Background: Diabetic patients obtain knowledge of the condition from a variety of sources. These include education programs and encounters with health-care staff such as during instruction on self-monitoring of blood glucose (SMBG).
Objective: To assess whether diabetes knowledge is related to prior attendance at diabetes education programs, visits to dieticians or the current use of SMBG in a community-based cohort of subjects with type 2 diabetes.
Patients: 1264 type 2 patients from the Fremantle Diabetes Study (FDS) cohort.
Methods: Subjects answered 15 standard multiple-choice questions about diabetes and its management. Recall of past diabetes education, dietician consultations, and use of SMBG were recorded. Analysis of variance was used to determine whether these activities or other social and demographic factors predicted diabetes knowledge.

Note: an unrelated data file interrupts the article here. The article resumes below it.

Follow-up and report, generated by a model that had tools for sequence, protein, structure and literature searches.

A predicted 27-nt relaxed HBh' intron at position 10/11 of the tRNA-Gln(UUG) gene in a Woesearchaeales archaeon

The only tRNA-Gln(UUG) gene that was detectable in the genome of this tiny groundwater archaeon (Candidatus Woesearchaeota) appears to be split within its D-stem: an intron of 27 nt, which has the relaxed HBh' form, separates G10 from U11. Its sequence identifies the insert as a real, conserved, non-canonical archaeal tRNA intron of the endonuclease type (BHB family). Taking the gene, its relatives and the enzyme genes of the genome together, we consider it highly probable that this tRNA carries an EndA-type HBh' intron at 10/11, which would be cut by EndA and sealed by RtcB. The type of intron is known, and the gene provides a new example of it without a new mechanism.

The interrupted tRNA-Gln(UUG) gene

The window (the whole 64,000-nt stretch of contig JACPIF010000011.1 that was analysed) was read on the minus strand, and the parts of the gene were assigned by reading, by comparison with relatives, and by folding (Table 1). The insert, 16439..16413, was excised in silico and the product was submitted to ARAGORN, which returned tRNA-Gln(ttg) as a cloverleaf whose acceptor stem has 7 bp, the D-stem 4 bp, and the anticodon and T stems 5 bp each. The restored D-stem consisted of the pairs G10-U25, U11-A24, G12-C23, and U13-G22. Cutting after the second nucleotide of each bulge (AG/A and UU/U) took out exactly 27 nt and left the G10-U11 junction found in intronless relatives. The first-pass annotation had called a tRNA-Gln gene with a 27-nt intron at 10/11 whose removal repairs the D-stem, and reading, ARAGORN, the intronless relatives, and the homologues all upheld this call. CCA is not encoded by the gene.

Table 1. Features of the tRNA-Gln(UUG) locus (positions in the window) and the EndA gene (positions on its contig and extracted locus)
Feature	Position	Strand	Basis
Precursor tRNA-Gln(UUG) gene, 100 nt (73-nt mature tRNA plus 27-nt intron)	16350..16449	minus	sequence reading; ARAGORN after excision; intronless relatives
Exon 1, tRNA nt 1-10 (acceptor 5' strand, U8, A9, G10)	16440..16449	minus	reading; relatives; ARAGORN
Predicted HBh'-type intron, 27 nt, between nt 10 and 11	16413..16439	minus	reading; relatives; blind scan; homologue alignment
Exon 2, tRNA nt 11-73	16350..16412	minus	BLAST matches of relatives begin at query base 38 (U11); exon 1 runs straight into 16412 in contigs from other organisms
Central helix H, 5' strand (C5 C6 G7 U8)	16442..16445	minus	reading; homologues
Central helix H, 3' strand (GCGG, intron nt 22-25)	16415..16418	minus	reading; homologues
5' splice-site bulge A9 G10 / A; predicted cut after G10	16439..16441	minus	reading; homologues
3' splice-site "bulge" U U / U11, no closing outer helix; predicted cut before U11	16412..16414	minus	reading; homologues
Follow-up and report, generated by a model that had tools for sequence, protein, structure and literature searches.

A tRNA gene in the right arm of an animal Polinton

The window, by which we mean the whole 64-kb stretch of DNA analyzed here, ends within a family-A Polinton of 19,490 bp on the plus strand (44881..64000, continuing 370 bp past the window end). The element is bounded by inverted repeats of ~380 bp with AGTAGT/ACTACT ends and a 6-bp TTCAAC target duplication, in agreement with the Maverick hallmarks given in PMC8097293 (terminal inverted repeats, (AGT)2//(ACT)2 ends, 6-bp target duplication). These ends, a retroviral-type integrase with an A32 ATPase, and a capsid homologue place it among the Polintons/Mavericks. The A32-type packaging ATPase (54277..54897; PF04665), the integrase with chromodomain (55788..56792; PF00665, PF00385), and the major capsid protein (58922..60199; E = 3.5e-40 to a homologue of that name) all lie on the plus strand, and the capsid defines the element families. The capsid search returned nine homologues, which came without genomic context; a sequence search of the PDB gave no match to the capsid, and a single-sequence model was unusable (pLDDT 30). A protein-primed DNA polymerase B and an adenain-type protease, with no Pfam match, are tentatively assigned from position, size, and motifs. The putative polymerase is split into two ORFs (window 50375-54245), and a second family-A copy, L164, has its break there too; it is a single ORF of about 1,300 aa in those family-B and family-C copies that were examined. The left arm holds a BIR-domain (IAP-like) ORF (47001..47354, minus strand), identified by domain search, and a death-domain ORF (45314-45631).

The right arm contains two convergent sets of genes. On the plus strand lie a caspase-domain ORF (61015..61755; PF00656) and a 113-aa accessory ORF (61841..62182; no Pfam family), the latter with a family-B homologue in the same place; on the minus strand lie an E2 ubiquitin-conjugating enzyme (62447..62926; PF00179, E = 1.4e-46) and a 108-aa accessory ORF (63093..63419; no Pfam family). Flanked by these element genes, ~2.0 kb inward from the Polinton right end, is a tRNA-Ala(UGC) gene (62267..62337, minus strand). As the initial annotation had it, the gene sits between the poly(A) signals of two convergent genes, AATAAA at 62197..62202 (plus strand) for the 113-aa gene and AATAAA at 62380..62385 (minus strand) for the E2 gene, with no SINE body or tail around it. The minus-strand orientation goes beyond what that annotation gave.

Results: Attendance at education programs, visits to dieticians, and SMBG were independently associated with greater diabetes knowledge. Subjects who were older, whose schooling was limited, who were not fluent in English and/or who were from Southern European or indigenous Australian ethnic groups had significantly lower knowledge scores. Patients who were older, not fluent in English or from an indigenous Australian background were significantly less likely to have received diabetes education, dietetic advice or to be performing SMBG.
Conclusions: Diabetes education programs, diabetes-related visits to dieticians and SMBG are associated with, and may be important sources of, improved diabetes knowledge in patients with type 2 diabetes. Our data provide evidence that barriers to access or utilization of contemporary diabetes education confront older patients, minority groups and those with language difficulties. These groups are likely to benefit from specialized programs.